A newsbasket is on-line Internet publication containing comprehensive aggregated collections of information.

What's Happening at DoAD? Anne Arundel Co. Dept. of Aging & Disabilities

Aging HomePage: What's Happening at DoAD?

Kinship Support Group meetings
Caregiver Support Group meetings
22nd Anniversary of Americans with Disabilities Act event on July 26
Cooling Centers Remain Open Wednesday, July 18
Look out for Affordable Care Act Scam
County Department Staff Give Presentation at National Conference
Virtual Dementia Tours
I&A Specialist completes leadership certification
Annapolis Center announces August events
Pasadena Center announces August events
Pascal Center announces August events
Sign up for Patsy Cline show trip now
Registration begins on July 23rd For The Virtual Dementia Tour for Family Caregivers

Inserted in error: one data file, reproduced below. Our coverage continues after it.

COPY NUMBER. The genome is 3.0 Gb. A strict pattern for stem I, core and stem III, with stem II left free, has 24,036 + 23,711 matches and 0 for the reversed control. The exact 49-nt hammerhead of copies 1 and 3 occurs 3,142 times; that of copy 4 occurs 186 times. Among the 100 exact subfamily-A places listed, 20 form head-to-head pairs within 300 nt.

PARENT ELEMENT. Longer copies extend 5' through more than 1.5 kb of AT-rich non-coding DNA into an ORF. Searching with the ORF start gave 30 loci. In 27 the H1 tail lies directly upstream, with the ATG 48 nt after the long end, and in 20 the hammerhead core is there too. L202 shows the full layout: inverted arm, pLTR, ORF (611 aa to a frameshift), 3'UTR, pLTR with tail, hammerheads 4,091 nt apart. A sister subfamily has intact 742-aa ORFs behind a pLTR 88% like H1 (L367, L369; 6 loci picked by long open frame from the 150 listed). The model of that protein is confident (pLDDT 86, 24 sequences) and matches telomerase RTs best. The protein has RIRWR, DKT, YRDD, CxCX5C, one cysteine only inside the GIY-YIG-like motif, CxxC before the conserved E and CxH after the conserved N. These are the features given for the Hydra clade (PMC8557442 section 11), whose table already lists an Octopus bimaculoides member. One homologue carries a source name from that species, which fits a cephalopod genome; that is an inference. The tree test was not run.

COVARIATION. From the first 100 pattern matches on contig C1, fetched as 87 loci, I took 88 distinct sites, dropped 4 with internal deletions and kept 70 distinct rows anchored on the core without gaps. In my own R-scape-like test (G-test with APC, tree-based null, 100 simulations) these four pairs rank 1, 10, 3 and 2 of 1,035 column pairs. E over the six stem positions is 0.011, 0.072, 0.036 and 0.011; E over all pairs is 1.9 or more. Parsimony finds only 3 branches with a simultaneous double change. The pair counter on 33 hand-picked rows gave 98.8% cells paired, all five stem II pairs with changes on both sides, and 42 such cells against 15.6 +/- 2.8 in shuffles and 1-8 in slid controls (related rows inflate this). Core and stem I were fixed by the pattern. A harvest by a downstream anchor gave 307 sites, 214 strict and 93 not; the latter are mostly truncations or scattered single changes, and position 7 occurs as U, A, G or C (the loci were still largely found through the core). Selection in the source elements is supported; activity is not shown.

Nominate an Employer of those with disabilities
Commission on Disability Issues to meet July 24
Fall classes registration starts Aug. 1
O'Malley raffling iPad 3 and Kindle Fire
SHIP answers Medicare questions at South County Center
Reception Held for Artists with Disabilities Exhibit
Pascal Trips for fall announced
Resource Guide Released: 2012-2013 Services for Seniors, Adults with Disabilities, and Caregivers (See Quick Links to the right for online copy)
View All Press Releases >

Planning for Care Costs | Caregiver Center | Alzheimer's Association

"National Average, your area costs may be very different"

The average costs for long-term care services in the United States are:

$214 per day or $78,110 per year for a semi-private room in a nursing home

$239 per day or $87,235 per year for a private room in a nursing home

$3,477 per month or $41,724 per year for basic services in an assisted living facility

$21 per hour for a home health aide

$70 per day for adult day services

Source: MetLife Mature Market Institute. Market Survey of Long-Term Care Costs: The 2011 MetLife Market Survey of Nursing Home, Assisted Living, Adult Day Services, and Home Care Costs. New York, N.Y.: Metropolitan Life Insurance Company, 2011.